Although the word ‘patent’ is used in legal documents pertaining to William Wood’s coinage projects, the terms license and Royal charter are more applicable in the context of vocabulary used in the present to refer to historical events. Wood was permitted, really licensed, to mint coins of the halfpenny, penny and twopence copper denominations. Under British law, his coins were legal or legal enough in their intended destinations. As Rosa Americana coins were extremely underweight, were not well marketed, and received many hostile reactions in particular colonies, only a small number of Rosa Americana coins circulated in North America.
Also, Wood’s Rosa Americana coins were made with a strange alloy that contained much too much zinc and not enough copper. Chemical reactions during the minting process had an adverse effect on the appearance and structural integrity of many of the Rosa Americana coins and patterns. Nevertheless, the unusual alloy contributed to the formation of really neat natural green toning on many Rosa Americana coins and to very attractive brassy luster on quite a few.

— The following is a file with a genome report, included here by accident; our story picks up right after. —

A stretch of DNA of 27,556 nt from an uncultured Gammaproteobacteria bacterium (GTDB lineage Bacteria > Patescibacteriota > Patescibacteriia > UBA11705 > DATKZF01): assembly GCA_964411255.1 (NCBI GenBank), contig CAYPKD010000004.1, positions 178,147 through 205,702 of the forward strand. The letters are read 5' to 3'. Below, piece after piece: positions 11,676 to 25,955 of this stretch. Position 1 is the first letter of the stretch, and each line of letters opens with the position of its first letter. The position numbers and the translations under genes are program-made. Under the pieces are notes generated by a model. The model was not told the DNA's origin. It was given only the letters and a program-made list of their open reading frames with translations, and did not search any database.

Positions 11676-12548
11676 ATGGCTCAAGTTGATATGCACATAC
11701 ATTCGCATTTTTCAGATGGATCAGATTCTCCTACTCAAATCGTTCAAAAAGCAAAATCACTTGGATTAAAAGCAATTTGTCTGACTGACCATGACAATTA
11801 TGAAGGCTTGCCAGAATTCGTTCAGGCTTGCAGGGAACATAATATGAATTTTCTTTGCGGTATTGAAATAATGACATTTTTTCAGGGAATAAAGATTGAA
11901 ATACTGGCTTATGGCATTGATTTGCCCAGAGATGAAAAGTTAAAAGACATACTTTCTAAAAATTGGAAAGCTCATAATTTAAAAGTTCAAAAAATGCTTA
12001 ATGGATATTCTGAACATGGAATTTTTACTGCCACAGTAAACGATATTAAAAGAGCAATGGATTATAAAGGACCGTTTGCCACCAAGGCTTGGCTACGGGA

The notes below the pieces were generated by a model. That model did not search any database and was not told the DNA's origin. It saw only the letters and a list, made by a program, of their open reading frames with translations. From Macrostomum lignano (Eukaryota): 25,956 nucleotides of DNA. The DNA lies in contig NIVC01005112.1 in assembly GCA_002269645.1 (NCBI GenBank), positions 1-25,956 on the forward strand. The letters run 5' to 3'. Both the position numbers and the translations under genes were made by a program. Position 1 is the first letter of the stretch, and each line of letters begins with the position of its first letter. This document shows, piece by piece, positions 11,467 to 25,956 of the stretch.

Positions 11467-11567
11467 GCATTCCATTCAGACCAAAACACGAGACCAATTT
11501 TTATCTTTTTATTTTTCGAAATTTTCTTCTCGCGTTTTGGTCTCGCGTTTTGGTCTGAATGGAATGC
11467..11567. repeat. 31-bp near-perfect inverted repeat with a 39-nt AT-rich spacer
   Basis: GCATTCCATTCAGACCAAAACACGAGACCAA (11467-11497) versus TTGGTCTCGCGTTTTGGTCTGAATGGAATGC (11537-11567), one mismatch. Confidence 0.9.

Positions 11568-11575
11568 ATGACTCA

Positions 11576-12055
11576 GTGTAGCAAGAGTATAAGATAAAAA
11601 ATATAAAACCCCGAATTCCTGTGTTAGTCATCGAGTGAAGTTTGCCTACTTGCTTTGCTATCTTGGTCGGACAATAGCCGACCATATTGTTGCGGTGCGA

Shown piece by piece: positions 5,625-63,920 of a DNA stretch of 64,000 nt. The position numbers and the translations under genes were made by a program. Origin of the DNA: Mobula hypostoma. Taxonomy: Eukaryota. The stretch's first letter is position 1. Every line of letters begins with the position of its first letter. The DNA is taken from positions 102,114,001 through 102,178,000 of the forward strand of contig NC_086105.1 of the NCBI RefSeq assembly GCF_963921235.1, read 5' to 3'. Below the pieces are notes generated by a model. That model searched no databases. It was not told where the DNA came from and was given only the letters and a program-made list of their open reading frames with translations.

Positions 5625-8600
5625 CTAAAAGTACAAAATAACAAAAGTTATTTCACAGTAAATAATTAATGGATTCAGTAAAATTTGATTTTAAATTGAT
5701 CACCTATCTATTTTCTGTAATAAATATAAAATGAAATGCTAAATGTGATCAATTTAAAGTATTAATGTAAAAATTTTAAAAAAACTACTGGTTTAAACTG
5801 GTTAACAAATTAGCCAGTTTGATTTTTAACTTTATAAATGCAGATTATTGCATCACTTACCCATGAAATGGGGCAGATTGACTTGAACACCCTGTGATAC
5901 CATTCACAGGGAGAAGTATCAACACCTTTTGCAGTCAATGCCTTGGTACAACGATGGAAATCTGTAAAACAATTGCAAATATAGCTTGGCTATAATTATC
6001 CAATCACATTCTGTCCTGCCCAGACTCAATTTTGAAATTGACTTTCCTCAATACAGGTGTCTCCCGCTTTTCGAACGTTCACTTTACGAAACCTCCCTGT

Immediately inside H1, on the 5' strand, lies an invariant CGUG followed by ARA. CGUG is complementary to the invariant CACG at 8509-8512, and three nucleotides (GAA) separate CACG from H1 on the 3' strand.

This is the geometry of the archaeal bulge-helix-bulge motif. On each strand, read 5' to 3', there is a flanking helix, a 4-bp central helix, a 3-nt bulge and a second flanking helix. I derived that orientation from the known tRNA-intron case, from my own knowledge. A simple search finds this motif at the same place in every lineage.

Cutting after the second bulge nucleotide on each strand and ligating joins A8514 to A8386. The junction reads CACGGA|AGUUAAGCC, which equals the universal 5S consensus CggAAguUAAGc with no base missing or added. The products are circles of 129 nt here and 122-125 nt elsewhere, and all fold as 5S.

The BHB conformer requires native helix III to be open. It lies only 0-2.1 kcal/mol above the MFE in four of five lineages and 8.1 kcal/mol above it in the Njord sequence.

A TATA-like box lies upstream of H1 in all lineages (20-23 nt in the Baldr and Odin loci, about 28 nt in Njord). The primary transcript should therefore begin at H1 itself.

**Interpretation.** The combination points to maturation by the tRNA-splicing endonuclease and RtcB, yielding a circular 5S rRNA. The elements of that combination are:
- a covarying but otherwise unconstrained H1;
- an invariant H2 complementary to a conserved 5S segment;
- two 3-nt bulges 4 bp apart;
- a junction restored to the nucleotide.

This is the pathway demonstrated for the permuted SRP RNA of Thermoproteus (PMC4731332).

These are coins that really need to be held to be appreciated. The colors are usually not well conveyed in images.
Plenty of decent Rosa Americana pieces survive, many of which are appealing. As the minting project was a failure in a business sense, and there was little enthusiasm for Rosa Americana coins in North America, there was a surplus lying around and many Rosa Americana coins were saved as souvenirs. Even late in the 18th century, merchants who somehow came into possession of a quantity of Rosa Americana coins may have sold them as collectibles. They are curious and even then would have been of interest to a large number of collectors of historical artifacts.
Although very rare die varieties can be costly, a set by date of all Rosa Americana denominations would not be difficult to assemble and would not be extremely expensive. Indeed, it would be easy to build a basic set of all three denominations.
A PCGS graded XF45 1722 halfpenny with entertaining brown, green and tan colors realized $600. This was a nice coin that attracted my attention although I had no prior intention of examining it. This and all the Rosa Americans pieces mentioned here were in the Syd Martin Collection.